House Poor? How to get out of it and how to avoid it altogether

by Rob Bertman, CFA®, CFP® in Budgeting
September 18, 2021

If you’re reading this, chances are you fit into one of these three categories:

  • You own a house and feel financially stretched.  
  • You took on a home improvement project that cost you more than you expected.
  • You are actively looking to buy a house of your own but prices have gone up so much you’re wondering how much house you can afford.

This has pushed housing prices up all over the country as well as the cost of home improvement projects.  

The combination of higher prices, house fever, and the fact that housing costs are one of the largest budget categories means that it’s really easy to end up house poor.

You’ve at least thought about changing your housing situation in some way due to the pandemic & historically low mortgage interest rates. 

This one decision can make or break your financial situation (and can even ruin your relationship too) so let’s take a look at how we can avoid being house poor and how to get out of it if you’re there right now.

What is house poor?

Being house poor means that the total cost of homeownership leaves little room for discretionary expenses and makes it hard to fund your financial goals. You may also know it as “house rich, cash poor”.

What is house poor

It’s hard to live below your means if your housing costs are too high.

The conventional rule of thumb for house poor is the 28%/36% rule. Keep your housing costs under 28% of gross income and all of your debt payments including your mortgage under 36% of gross income.

There’s a great PolicyGenius article on how many people are house poor by state. They use a threshold of 30% of gross income.

Let me be clear. I disagree with these rules of thumb.

They don’t account for the other pieces of your life and using them leads to mistakes when buying a home.

Mistakes that lead to being house poor

Buying a house is one of the biggest financial decisions people will make. Yet, it always amazes me that people put so little thought and effort into it.

Don’t get me wrong, people seek out information before buying a home. 

It just so happens that it’s usually from people who have an incentive to have you spend as much as you can rather than getting you into a house you can comfortably afford.

Avoid these major mistakes that lead to being house poor:

Underestimating the cost of homeownership

When I work with my clients who are looking to buy a house, the banks are really good at telling them the principal and interest portion of the payment.

Some assume they can afford a mortgage equal to their current rent payment, but that’s a recipe to become house poor. 

The monthly expenses of owning a house go way beyond that.

Costs of home ownership include:

  • Principal and interest payments
  • Property taxes
  • Homeowners Insurance
  • Maintenance and upkeep
  • Utilities
  • Home improvement projects
  • Furnishings
  • Landscaping and lawn care

That doesn’t even include homeowners association (HOA) or condo fees. Nor does it include mortgage insurance (PMI) if you don’t put 20% down on a home.

Create a household budget that includes the entire cost of homeownership and not just the mortgage payment to avoid this mistake.

Trusting the bank to tell you how much house you can afford

When you think of borrowing money from a bank, you probably think of having to have a pristine credit report and clean finances. 

But with mortgages, it’s much easier to qualify.

Banks use a flawed metric (IMO) called the debt-to-income ratio (DTI). This metric adds up your debt payments and divides it by your gross income. Lenders will allow a 43% DTI!

A few things baffle me here about the debt-to-income ratio that banks use:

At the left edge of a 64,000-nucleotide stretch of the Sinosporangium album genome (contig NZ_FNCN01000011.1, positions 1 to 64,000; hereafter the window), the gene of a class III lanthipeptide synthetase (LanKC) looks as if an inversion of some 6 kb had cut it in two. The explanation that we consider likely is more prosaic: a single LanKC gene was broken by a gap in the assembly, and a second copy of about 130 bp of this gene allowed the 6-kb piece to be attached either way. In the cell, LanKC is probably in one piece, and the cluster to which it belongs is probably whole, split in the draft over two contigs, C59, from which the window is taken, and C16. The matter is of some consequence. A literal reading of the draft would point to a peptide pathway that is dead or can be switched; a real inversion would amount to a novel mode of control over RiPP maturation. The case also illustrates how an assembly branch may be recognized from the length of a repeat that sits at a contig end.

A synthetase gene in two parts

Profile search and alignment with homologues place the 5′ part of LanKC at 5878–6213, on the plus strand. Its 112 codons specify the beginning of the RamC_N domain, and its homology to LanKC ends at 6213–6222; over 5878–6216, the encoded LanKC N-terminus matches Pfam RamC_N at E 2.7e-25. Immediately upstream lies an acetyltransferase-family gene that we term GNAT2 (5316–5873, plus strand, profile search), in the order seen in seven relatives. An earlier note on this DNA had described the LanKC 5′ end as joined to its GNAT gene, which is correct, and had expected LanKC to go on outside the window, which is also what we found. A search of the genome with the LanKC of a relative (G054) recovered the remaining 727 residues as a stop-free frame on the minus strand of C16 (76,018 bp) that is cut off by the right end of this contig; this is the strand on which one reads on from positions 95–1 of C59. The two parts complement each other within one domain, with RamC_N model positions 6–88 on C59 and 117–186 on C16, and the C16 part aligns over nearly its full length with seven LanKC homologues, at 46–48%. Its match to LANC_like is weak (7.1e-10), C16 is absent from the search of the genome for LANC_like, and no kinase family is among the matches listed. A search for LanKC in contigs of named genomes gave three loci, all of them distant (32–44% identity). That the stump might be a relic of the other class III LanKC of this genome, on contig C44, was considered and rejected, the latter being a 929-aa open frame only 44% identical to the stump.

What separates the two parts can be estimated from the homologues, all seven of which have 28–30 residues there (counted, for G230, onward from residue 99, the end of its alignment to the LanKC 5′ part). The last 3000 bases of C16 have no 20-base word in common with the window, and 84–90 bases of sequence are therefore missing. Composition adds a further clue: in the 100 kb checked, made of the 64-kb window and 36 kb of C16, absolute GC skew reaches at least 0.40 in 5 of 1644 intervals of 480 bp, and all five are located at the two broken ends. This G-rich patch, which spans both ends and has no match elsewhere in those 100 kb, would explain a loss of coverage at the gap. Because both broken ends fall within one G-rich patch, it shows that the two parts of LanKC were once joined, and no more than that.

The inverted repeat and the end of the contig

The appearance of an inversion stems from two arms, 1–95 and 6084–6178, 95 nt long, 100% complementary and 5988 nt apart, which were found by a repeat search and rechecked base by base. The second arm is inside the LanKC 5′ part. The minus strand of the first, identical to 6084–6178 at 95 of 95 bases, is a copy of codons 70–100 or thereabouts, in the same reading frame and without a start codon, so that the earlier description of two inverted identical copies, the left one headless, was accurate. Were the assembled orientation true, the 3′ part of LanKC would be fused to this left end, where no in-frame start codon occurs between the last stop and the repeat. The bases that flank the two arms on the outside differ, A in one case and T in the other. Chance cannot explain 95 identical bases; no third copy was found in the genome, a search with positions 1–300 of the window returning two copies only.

• The calculation is based upon gross income and not take home pay. That means a bank could be ok with 60%+ of your take home pay going to debt! Talk about being house poor!
  • The debt calculation is based upon your monthly payments, not how much debt you owe. This incentivizes borrowers to pay off loans as slowly as possible. Someone with $120,000 of debt and paying $2,000 per month has a worse chance of qualify than if they refinance to a longer term loan to lower their monthly payments to $800. But they still have the same amount of debt! Most credit cards only require the minimum payment to be 2% of the outstanding balance which doesn’t make a dent in the principal for cards with 20%+ interest rates.
  • DTI looks at your projected housing payment going to principal, interest, taxes & insurance (PITI) and HOA fees if applicable. But the homebuyer needs to know that there will be other costs for maintenance and utilities that go along with owning the home. That can be 1-3% of the cost of the house and needs to be in the housing budget.

Guessing how much money you spend each month

I used to make this mistake, and I’ve seen many others make it too.

Being a numbers person, I thought I knew how much I was spending each month without really tracking it. But I was very wrong until I started looking at the actual numbers. I wasn’t alone.

When I start working with my clients, I ask them to give me a ballpark of what they’re spending each month before we look at the actual numbers. In every single instance, the actual number is much higher than the estimate. It’s at least $1,000 per month off and often it’s $2,000 or more.

People who guess their monthly spending (instead of knowing the actual number) can end up house poor because the mortgage payment may cause them to overspend each month.

Forgetting about the other things you want to do in life

If your house is your sanctuary, then by all means, feel free to take a larger part of your income to put towards your house.

But if you have other things you’d like to do that help you enjoy life and feel more fulfilled including travel, date nights, spending money on your kids’ activities, or driving a certain car, then spending more on a house will leave little room for those other things.

What about financial goals? Do you want to save for retirement or kids’ college? Pay off other debt? Become financially independent? Start a business? Spending more on a house means less money to put towards those things too.

Thinking that all you need is money for the down payment

There’s a lot more money needed to buy a house outside of the down payment, maybe even 5-10% of the cost of buying a home.

Why would you need that much money? There are two major reasons.

The closing costs on a house surprised many of my readers.

It can be anywhere between 2-5% of the purchase price between the loan origination fee, funding the escrow account, title fees and title insurance, prepaid interest, potential upfront mortgage insurance, etc.